Japanese lawyers have called for the execution of a man who had allegedly killed disabled care home residents, international media reported. Satoshi Uematsu, former care home worker killed 19 people killed and injured 26 others in a stabbing rampage in 2016.
According to reports, the 30-year-old accepted his involvement in 2016 mass murder at his first appearance at court in Yokohama last month. Uemesu had previously said that he wanted to eradicate all people with disabilities in the horrifying attack at the Tsukui Yamayuri-en centre in the town of Sagamihara, southwest of Tokyo. Added to that he claimed that people with disabilities "only create unhappiness". However, his lawyers pleaded of not guilty claiming that their client has a “mental disorder” linked to his repeated use of marijuana.
Recently, prosecutors have argued that Uemasu was capable of taking responsibility of the attack adding that the rampage was “inhumane" and left "no room for leniency." According to local court, hearings are to conclude later this week and the verdict is expected to come on March 16.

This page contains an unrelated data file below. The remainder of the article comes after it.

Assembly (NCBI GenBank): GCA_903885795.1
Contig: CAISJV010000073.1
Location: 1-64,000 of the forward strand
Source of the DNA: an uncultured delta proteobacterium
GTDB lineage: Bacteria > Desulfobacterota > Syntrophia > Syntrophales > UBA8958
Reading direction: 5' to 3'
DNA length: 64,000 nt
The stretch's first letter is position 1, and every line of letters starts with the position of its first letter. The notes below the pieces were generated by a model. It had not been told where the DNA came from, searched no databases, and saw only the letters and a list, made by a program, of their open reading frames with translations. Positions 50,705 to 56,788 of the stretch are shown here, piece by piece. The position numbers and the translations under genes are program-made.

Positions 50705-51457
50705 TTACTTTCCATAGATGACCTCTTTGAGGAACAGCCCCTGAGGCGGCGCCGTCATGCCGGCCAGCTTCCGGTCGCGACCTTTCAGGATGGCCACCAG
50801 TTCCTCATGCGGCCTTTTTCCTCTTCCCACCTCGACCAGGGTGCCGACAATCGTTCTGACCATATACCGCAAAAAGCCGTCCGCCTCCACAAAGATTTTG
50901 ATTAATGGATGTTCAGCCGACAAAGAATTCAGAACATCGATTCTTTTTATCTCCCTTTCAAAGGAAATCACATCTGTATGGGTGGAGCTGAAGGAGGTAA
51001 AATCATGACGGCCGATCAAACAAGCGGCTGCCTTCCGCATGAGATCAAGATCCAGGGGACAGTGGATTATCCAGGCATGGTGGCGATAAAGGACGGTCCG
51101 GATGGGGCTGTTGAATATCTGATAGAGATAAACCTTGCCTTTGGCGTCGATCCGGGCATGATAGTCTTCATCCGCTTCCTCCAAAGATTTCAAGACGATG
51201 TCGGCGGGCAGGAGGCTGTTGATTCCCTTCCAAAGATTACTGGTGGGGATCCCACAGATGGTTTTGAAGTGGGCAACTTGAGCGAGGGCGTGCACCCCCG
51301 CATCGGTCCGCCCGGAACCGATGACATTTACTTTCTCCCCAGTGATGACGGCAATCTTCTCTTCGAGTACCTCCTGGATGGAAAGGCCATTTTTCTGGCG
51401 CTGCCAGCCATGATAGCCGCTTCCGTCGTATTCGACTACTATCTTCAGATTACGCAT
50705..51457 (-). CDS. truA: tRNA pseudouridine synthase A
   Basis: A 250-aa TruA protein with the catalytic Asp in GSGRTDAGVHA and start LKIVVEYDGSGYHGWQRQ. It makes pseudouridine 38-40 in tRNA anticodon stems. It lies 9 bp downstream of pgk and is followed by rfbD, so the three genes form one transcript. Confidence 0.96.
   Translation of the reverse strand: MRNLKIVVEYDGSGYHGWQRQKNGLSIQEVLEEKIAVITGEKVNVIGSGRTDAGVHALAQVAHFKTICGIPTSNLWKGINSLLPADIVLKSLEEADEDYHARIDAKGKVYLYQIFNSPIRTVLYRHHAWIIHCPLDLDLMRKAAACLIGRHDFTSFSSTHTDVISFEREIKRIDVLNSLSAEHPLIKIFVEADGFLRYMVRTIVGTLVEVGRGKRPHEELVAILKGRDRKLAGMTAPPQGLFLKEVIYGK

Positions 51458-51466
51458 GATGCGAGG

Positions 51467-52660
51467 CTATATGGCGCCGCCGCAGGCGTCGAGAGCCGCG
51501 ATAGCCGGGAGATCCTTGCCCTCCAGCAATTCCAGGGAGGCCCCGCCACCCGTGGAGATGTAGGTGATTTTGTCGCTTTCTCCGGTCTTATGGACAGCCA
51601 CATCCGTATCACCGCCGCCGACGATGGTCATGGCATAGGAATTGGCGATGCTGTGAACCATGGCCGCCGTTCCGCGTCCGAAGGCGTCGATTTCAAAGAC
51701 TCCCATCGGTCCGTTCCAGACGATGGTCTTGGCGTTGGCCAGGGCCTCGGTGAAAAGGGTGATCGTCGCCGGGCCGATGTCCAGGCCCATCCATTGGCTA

In a similar gruesome incident, a 14-year-old was arrested and charged with fatally stabbing a New York University student during a park robbery on December 11. The accused boy, Rashaun Weaver, would be tried as an adult on counts of second-degree murder and robbery, said the Manhattan district attorney, Cyrus R. Vance Jr. “We are confident that we have the person in custody who stabbed her, and that person will face justice in a court of law,” New York police chief Dermot Shea said during a news conference.
The case is also being closely watched for its racial dynamic as Tessa Majors, 18, was a white freshman at Barnard College, which is in the predominantly black neighbourhood, Harlem, in Manhattan's northwest. Majors was found bleeding outside the Morningside Park due to multiple stabbing in the chest and died at a hospital.
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